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With COVID-19 continuing to spread across the Chicago area and the country, we’ve seen that the disease can affect anyone of any age. But those who have underlying conditions and weakened immune systems still have a higher risk for complications. The coronavirus (COVID-19) leaves those who have chronic illnesses — such as cancer, heart disease, diabetes and lung diseases — more vulnerable and reinforces the need to take extra precautions.
Rush providers Tochukwu (Tochi) Okwuosa, DO, director of the cardio-oncology program, and Teresa Deshields, PhD, director of the supportive oncology program, discuss the risks, safety measures and ways to cope during these uncertain times for patients who are immunocompromised.
A person who is immunocompromised has an immune system that is impaired, which makes it easier to contract an infection and diminishes the ability to fight the infection.
“When a person with a weakened immune system does get an infection, it tends to be more serious because it affects more organs and causes more damage to their body,” Okwuosa says.
The Centers for Disease Control and Prevention reports that heart disease and cancer are the leading causes of death in the United States; and people with both of those conditions are at higher risk for COVID-19.
“Patients with cardiac diseases — such as heart disease, high blood pressure and diabetes — are at risk for COVID-19 because their disease leads to poor circulation to their tissues,” Okwuosa says. “This then weakens the body’s ability to repair itself, which makes it easier for the infection to spread and cause more damage.
“Patients with cancer are at risk for COVID-19 because of the direct effects of their cancer and cancer treatments on the immune system," she adds. "Both can also affect a person's appetite, which leads to low blood protein and a weakened immune system, and, ultimately, poor healing.”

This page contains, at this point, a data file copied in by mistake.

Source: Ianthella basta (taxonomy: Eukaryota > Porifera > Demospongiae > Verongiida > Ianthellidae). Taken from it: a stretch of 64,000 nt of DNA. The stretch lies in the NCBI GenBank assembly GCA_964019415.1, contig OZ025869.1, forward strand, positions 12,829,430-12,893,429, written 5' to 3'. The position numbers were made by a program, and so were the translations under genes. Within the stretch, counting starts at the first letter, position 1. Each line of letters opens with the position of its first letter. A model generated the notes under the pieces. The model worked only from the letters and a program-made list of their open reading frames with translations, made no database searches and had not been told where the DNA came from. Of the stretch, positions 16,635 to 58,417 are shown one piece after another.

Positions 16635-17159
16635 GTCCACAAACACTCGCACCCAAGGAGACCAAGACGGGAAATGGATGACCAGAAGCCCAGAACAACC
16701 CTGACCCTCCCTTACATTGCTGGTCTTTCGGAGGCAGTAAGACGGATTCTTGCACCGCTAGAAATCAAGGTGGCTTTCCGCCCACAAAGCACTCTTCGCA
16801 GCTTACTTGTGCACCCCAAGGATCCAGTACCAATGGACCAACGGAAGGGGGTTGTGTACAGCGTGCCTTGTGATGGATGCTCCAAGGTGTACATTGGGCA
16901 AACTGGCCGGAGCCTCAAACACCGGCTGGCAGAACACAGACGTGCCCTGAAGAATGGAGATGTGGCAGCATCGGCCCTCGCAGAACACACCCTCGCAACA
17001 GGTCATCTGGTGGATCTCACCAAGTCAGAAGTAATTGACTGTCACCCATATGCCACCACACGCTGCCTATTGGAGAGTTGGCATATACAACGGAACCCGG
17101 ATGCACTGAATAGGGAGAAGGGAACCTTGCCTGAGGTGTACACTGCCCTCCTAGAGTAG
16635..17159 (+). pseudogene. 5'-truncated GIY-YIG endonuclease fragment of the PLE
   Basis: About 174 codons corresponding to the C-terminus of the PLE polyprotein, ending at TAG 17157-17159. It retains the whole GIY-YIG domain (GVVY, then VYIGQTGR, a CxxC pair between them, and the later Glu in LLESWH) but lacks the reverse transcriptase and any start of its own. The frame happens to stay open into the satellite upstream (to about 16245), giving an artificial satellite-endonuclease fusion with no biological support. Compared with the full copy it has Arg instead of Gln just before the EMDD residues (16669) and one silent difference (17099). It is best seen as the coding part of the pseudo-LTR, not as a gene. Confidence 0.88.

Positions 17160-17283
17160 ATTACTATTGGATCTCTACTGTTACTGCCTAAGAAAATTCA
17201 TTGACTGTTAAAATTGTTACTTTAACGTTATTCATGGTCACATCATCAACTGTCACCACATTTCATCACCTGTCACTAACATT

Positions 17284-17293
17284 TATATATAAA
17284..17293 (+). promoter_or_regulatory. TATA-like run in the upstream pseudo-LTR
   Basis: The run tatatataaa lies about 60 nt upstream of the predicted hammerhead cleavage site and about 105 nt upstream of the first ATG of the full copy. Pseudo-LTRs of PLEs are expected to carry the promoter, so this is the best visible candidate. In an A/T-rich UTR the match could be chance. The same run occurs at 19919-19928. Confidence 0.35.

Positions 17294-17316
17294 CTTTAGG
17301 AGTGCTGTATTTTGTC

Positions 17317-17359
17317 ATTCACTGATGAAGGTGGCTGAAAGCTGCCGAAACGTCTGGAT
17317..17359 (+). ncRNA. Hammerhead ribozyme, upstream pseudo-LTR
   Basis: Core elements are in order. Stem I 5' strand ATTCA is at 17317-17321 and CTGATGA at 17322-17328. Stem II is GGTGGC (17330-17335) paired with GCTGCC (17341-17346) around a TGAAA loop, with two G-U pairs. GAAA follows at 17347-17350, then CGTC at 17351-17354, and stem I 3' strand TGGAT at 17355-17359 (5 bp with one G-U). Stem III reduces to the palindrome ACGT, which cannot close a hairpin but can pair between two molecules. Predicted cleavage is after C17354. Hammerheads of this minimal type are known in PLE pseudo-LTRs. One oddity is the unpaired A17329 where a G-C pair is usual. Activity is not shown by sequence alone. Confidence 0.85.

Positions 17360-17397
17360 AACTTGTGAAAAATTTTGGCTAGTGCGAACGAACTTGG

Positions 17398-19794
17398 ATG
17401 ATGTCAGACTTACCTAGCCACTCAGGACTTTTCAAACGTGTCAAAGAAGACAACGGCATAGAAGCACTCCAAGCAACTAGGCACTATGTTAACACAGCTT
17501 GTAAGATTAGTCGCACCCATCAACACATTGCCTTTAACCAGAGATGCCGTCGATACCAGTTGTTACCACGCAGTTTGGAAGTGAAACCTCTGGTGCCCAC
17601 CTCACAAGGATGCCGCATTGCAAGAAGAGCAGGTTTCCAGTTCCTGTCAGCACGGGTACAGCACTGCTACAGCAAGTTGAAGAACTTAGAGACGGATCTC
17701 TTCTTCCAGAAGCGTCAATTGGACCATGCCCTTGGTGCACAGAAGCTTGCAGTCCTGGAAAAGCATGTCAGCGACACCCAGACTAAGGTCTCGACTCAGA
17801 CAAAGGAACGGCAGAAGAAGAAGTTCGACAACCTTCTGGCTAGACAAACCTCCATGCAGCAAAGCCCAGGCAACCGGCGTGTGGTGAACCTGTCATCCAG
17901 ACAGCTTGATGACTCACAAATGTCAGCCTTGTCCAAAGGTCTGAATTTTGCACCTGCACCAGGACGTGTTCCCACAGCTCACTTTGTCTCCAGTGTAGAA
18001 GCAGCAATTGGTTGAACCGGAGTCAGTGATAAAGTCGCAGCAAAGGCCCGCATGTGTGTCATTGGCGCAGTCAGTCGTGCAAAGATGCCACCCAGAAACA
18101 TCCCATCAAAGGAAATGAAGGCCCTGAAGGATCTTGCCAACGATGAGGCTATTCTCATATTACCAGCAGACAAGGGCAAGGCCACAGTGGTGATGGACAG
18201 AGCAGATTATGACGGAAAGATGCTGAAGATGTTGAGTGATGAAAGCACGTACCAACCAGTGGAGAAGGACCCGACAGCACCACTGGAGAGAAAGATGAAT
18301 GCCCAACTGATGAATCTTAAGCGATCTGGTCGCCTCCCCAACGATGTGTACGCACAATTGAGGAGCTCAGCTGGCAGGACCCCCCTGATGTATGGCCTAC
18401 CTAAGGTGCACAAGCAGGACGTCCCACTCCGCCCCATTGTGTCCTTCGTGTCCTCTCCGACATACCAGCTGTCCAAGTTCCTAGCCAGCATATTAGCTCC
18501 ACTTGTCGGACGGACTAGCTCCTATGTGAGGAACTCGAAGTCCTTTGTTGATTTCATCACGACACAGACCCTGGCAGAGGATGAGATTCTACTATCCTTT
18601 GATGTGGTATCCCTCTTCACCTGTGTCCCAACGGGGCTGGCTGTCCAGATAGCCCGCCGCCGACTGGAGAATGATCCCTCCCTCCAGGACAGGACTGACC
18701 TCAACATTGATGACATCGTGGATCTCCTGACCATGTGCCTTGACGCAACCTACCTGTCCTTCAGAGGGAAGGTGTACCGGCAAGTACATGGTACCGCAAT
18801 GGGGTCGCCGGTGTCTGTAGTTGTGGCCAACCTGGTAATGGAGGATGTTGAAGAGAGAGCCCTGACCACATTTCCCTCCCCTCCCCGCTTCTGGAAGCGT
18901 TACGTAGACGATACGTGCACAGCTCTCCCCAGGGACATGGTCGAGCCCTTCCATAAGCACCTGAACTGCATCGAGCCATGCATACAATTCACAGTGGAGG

Okwuosa also notes that because patients with cardiac diseases and cancer tend to be older, they also have that added layer of susceptibility to COVID-19.
Maintaining social distance is key to staying safe for everyone — and it’s an even higher priority for those who are immunocompromised.
The challenge, however, is that many of these patients have in-person appointments or treatments, such as chemotherapy infusions. And the message to stay home as much as possible makes it difficult to know what to do about these appointments. Okwuosa recommends reaching out to your care team and determining what is essential and what can be done in a different way, such as virtual visits.
“Most routine office visits are being converted into virtual visits, which are done by phone or video,” Okwuosa says. “Providers will only ask patients, especially patients who are immunocompromised, to come in if it is really necessary. At Rush, we are trying to consolidate all clinic visits and testing to help lower the risk of spreading COVID-19.”
Deshields also emphasizes the increase in online care for safety reasons.
“Virtual care is becoming the new normal for health care during this time,” she says. “Our supportive oncology program offers most of our services — including nutritional counseling, chaplain services, guided meditation and psychosocial support — onsite for patients receiving essential care. But we are also now offering these services virtually. We’re trying to remain available to support patients in whatever way we can during the coronavirus (COVID-19) pandemic.”
To schedule a virtual appointment with our supportive oncology team, please call (312) 563-2531.
Okwuosa provides additional tips for patients who are immunocompromised to stay safe:
Taking extra precautions and finding healthy ways to cope can help you gain a stronger sense of control over your own health.
“With COVID-19, there’s a lot of stress with not knowing what to expect tomorrow, next week or even next month,” Deshields says. “It’s an unprecedented time for everyone, but we will get through this as a society.”
Deshields offers ways to cope with this new normal:
The coroavirus has introduced fear into the lives of many, especially those who are facing other health challenges. Taking extra precautions and finding healthy ways to cope can help you gain a stronger sense of control over your own health during these uncertain times.
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